Yuletide Tea and the Trimmings at Boscobel

“Yuletide Teas” are a hit with visitors to Boscobel

By Alison Rooney

For years the December candlelight tours at Boscobel signaled both the end of the historic site’s three-season calendar and the beginning of winter in the Hudson Highlands. This year, in keeping with a host of new programs offered by Boscobel for the first time this year, “Yuletide teas,” complete with fashion shows have replaced the candlelight tours. The teas, offered twice weekly, on Wednesdays and Sundays, have proved to be a hit with visitors to the American Federalist mansion.

The program begins with Boscobel’s usual one-hour tour, which starts at the small building near the parking areas.  A display includes a timeline, which served to remind this visitor, who had done the tour quite a few years ago, of the remarkable history of this site.  The most intriguing factor remains that, in the winter of 1954/55, the entire structure of the home was moved from Montrose, where it had become dwarfed by the then newly-constructed Veterans’ Affairs Hospital buildings.

Detail from display on the history of the site

To refresh the memory of locals who may not have visited in some time, the home was constructed from 1804 to 1808, and was occupied by the Dyckman family and their descendants, until 1888. Afterward it was first leased, and then left unoccupied.  In 1924 Westchester County acquired the site, and the Depression left it vulnerable to razing, which was threatened.  In 1945, the Federal government acquired it for a V.A. hospital.  By 1955, a demolition contractor bought it at auction for a mere $35, and it was only through the efforts of the hastily formed Boscobel Restoration group that the building was secured and moved to the beautiful new location at Garrison, where 16 acres were purchased in 1956.  The site opened in 1966, and in 1977, after being closed for a period of time, the exterior was repainted and the interiors were redone in the historically accurate American Federal style.

Winter’s beauty at Boscobel

Last Wednesday’s tour was quite full, resulting in three separate sections viewing the home in a staggered fashion.  A large contingent of visitors – about 27, in factv- were from the Scarsdale Women’s Club, and they seemed to enjoy themselves thoroughly. The docent for group three, in which Philipstown.info participated, was an engaging and informative woman named Marie, who later doubled as a model in the fashion show, and whose artwork, in the form of cards, is part of the gift shop collection.  Marie pointed out that the grounds where Boscobel is now located were once all farmland and that everything had been razed when the site was readied for the home, with new shrubbery planted fully grown.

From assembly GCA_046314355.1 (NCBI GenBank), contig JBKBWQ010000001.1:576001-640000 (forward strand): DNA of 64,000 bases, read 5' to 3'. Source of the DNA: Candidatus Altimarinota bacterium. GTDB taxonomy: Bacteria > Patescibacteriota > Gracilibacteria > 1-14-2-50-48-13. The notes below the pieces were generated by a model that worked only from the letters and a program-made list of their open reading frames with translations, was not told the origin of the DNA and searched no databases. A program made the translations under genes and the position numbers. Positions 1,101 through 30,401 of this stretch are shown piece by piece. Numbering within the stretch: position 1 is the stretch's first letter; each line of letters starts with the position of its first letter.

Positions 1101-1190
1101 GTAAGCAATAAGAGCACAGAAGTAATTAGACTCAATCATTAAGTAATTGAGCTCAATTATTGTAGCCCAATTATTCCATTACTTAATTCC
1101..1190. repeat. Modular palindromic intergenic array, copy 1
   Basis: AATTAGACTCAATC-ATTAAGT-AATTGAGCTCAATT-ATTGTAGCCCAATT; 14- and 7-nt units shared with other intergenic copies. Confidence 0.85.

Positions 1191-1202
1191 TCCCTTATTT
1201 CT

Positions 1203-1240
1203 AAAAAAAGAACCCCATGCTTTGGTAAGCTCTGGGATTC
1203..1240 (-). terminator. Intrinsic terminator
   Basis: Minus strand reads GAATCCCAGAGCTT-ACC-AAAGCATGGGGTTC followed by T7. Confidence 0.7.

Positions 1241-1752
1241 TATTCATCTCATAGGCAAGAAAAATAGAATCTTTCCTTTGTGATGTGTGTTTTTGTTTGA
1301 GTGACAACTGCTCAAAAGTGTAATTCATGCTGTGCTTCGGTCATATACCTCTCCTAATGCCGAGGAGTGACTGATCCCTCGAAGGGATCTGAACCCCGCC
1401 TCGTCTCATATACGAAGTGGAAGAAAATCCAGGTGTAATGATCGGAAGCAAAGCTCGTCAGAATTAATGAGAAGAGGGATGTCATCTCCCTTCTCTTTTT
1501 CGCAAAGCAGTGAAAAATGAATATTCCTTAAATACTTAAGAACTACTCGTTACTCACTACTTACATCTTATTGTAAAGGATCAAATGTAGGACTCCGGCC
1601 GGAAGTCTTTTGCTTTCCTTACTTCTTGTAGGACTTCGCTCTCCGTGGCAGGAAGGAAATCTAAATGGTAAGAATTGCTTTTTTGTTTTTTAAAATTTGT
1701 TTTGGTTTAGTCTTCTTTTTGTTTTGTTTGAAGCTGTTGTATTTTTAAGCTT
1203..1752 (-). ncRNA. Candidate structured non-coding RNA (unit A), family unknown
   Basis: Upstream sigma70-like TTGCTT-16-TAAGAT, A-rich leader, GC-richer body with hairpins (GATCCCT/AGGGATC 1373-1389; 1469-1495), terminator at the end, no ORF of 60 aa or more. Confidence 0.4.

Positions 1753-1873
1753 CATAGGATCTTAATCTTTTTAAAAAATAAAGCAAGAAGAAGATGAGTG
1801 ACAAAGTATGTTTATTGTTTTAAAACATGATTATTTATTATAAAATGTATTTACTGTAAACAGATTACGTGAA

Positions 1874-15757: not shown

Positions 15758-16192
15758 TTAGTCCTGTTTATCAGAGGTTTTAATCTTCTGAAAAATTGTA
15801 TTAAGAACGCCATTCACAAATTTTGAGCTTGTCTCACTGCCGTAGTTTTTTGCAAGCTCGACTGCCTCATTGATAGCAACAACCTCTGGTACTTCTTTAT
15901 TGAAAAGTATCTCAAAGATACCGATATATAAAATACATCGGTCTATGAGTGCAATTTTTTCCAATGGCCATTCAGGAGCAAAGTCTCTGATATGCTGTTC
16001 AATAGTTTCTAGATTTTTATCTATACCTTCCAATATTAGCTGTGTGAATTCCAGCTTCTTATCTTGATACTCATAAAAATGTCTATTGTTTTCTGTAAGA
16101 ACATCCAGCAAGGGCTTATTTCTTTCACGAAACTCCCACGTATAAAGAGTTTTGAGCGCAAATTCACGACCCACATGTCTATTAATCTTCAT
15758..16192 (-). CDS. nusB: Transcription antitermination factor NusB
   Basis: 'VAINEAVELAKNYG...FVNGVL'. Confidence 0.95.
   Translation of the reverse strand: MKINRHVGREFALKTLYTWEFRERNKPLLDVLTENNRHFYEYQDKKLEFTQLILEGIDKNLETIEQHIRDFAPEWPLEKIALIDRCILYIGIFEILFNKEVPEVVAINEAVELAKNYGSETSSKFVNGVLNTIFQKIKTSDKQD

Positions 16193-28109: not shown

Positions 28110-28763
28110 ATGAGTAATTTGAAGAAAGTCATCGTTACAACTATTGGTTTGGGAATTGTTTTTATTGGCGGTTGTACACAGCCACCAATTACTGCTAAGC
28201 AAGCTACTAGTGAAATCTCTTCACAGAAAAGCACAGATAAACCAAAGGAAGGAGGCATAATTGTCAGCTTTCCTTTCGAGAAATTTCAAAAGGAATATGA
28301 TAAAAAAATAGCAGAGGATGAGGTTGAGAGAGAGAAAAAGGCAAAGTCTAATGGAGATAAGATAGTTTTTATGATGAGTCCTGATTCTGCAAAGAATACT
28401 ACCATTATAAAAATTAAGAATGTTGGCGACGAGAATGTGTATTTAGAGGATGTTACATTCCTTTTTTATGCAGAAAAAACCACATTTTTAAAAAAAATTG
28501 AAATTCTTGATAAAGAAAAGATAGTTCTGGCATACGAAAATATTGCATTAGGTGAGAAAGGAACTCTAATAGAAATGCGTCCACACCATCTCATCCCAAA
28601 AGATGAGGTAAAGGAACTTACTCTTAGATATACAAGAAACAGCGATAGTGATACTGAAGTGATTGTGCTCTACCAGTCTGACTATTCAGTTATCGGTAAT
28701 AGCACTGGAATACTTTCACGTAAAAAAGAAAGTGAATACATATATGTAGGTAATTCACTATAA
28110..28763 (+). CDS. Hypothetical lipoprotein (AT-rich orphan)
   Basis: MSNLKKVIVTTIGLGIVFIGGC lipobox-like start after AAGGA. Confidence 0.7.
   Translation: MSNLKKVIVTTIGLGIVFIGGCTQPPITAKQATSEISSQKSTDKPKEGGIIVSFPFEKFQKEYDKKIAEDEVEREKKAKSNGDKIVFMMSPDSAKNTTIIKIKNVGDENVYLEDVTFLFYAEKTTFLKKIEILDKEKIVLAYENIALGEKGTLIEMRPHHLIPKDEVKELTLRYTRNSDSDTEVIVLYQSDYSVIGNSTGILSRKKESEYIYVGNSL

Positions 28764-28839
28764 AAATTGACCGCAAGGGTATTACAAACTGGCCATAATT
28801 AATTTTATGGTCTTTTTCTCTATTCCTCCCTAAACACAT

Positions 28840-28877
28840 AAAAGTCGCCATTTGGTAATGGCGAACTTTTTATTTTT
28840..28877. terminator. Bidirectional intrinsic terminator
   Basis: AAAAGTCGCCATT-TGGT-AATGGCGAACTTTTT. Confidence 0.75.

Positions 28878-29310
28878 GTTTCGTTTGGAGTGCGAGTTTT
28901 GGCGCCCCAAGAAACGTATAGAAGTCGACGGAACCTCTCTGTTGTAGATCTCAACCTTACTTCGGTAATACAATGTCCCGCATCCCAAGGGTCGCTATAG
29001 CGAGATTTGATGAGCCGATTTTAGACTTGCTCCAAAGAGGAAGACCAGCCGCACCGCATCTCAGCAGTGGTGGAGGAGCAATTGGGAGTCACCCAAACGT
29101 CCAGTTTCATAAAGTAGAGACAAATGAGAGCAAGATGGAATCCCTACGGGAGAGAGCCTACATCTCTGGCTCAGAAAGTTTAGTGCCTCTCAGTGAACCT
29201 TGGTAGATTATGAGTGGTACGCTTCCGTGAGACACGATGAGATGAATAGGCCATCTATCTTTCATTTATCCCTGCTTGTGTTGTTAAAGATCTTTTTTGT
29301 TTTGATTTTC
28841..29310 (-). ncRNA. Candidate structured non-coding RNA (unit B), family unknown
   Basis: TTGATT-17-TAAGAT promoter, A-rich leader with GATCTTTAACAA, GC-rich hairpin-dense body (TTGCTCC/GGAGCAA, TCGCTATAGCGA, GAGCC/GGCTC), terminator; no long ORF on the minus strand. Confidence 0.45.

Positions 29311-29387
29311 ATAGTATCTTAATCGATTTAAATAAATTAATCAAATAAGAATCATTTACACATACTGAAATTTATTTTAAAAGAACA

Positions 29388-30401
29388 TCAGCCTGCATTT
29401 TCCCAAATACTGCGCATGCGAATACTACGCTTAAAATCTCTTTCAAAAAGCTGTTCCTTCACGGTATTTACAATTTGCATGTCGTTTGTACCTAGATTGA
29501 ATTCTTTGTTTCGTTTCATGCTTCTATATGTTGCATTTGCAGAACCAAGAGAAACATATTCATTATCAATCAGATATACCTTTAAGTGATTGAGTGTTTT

Throughout the tour of the three stories accessible to the public (there is also an attic), Marie supplied detailed information on both the furnishings and the Dyckman family, and the travails of the house through the years.  Some of the information was related to the seasonal decorations on display. For example, consumption of a “Twelfth Night Cake” shown in the dining room led to different scenarios for male and female diners, for according to Marie, “If you were a gentleman who got a slice of cake with a bean, you were ‘Lord’ for a night.  If a woman got the bean she had to make the cake the following year, though.”

 At the conclusion of the tour participants were ushered into a room adjacent to the kitchen in the basement, where a repast of savory and sweet tea accompaniments awaited on each table.  At Wednesday’s tea, Boscobel’s Senior Advisor, Development and Special Events, Geoffrey Platt introduced

A bouquet in holiday colors greets visits at the entrance to the home

Sally Lyon, of Rhinebeck, whose painted landscaped dotted the walls of the room.

Three varieties of tea were served, in teapots bearing the names of the tea (Chanticleer, Gingerbread and Jack Frost).  Tasty little sandwiches were complemented by a variety of desserts, including pecan squares, shortbreads and Chambord chocolate truffles.  While enjoying the tea, a fashion show began, with models, including Boscobel staff members (all were introduced) wearing Dutch designs, all of which were available in the gift shop, strolling amidst the tables.  Renate Smoller, Gift Shop Manager, offered a commentary on the outfits and accessories. Special discounts on the clothing were made available to Yuletide tea participants.

The Wednesday teas continue through Dec. 29. Reservations are essential; call 845-265-3638, extension 115, or visit http://www.boscobel.org/ for further details.  The Sunday teas are finished for the season. Boscobel’s regular one-hour house tours continue through the end of the month. The site is closed on Tuesdays.  Boscobel is closed in January, February and March.
Photos by Alison Rooney

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